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Star Trek: Transfigurations

Jennifer L. Schillig — 14 Jan 2000

Music by John Williams or James Horner
With Jeremy Irons as Admiral Victor Grant
And Sir Sean Connery as Starfleet Commander John Campbell

Note: This assumes that the series will end with Voyager coming home, and the movie will pick up exactly where the series left off.

We begin on the bridge of the Enterprise-E, an ordinary day...until a distress call comes in. "Sir," Data announces, "I have identified the source of the is..." He breaks off in utter shock.

"...Is what?"

"The Voyager, sir."

Jean-Luc stands, shocked, as Kathryn's voice comes over the com..."Voyager calling Enterprise-E...are you there, Enterprise?"

"Beam us over," he says authoritatively, and leads an away team to the transporter room.

On the Voyager, he joyously greets his old friend Kathryn, with whom he has carried out a playful mock-flirtation that has lasted since Academy days. Of course, he even manages to slip in a Shakespeare quote: "An angel is like you, Kate, and you are like an angel." (Henry V.) Beverly seems a little miffed at this, but when Jean-Luc assures her that it is only playful and has been going on for that relief on the good doctor's face, and Chakotay's too?

Kate tells them, however, that there is one among their crew they have yet to meet, and leads them to engineering. Abrupt cut to Seven's face as she turns to meet them. The first word out of her mouth is: "Locutus!"

"...Seven of Nine, Tertiary Adjunct of Unimatrix Zero-One," Jean-Luc replies, in his Patrick Stewart Is Not Happy Voice (tm).

Her eyes travel toward Data. "A perfect being...who longs for imperfection."

"Then the Queen's memories are intact in you, I see," Data says with an uneasy smile.

The two ships head toward the nearest starbase. Inquiries will be pending on the activities of Voyager's captain and crew. With this in mind, Kate speaks to her old friend alone.

"Jean-Luc, whatever happens, we must not yet let anyone know that Annika Hansen is a former Borg. Bad enough we have so many Maquis on board...if word of Seven of Nine got out, there would be panic, and God knows what else. I have deleted all portions of my log that refer to her as a former Borg. The story we will give out is that Annika is a refugee from a world the Borg destroyed, and has been living as a savage since childhood. She has come quite some way already, but being among the human culture may well frighten her into taking several steps backwards. Remember, she will be thrown into a culture that will automatically distrust her if they know the truth."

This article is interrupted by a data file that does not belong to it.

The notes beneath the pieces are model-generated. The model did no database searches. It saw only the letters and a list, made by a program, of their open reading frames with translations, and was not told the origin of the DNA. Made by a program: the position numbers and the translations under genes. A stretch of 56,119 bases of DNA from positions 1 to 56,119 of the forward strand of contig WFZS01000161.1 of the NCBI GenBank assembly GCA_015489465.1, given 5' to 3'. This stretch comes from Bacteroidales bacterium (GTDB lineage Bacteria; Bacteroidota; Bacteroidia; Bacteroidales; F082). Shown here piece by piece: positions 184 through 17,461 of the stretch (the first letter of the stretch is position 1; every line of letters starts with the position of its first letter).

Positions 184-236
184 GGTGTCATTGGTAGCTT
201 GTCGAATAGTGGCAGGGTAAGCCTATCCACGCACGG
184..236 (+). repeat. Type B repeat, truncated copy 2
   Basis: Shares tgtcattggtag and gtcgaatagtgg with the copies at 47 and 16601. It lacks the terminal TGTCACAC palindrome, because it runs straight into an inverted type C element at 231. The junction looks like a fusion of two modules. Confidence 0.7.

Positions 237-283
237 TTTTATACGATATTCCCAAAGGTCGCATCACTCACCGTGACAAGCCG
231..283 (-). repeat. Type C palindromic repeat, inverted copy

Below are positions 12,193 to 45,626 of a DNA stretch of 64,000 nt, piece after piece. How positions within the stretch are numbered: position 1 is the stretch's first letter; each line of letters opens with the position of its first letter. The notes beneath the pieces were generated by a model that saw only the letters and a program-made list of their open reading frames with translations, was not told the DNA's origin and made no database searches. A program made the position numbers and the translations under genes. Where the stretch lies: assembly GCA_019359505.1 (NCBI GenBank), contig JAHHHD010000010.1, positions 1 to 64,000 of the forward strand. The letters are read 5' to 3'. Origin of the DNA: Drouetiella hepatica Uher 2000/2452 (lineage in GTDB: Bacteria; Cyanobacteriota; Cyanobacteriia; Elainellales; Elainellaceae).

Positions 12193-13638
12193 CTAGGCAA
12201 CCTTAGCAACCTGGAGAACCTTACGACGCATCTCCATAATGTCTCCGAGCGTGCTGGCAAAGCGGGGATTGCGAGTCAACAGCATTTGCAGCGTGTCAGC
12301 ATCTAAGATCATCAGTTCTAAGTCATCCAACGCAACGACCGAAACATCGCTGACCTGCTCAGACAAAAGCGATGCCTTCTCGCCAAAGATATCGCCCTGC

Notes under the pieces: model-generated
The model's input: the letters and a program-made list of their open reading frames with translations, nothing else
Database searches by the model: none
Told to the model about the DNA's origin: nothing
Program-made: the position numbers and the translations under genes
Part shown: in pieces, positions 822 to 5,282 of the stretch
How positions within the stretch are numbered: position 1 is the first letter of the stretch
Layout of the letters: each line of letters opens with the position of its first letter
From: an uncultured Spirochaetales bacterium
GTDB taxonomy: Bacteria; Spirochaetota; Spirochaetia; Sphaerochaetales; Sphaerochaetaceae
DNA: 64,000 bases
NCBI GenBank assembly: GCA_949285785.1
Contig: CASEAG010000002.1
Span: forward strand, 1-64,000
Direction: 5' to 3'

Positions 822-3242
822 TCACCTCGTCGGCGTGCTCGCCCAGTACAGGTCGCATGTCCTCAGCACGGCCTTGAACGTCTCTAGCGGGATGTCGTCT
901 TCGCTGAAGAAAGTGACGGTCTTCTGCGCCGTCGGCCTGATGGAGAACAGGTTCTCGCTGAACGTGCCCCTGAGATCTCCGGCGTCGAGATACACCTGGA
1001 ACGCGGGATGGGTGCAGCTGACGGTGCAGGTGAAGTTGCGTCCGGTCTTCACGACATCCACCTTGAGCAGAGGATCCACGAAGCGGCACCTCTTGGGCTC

Jean-Luc ponders this. "I wouldn't want to see you get in any trouble, shouldn't get jailed on sedition charges since you've come so far. But..." His lips tighten.

"You don't trust Seven."

"Kate, I know you always were willing to give benefit of the doubt. I suppose I have put my experience with the Borg behind me...but I still believe that they are not to be trusted. Just because I no longer want out-and-out revenge on them does not mean that I want to see my old friend put in any danger by one...or duped."

"That Hugh you once spoke of..."

"Turned away from the collective as soon as he was separated from it. You yourself admit that Seven has fought her re-integration nearly every step of the way. And as you said, once she is in our culture again, she may regret some of the decisions she's made. But...if one of my own crewmembers were to take her into 'protective custody'...tutor her further in the ways and subtleties of humanity..."

"...And you think I would be the one for the job, sir?" Data later asks.

"Data, Seven of...Annika Hansen has come quite a long way already. But perhaps if she can see humanity from the point of view of another cybernetic being, who has already come so far along that road himself..."

"I would be honored, sir," Data assents with a smile.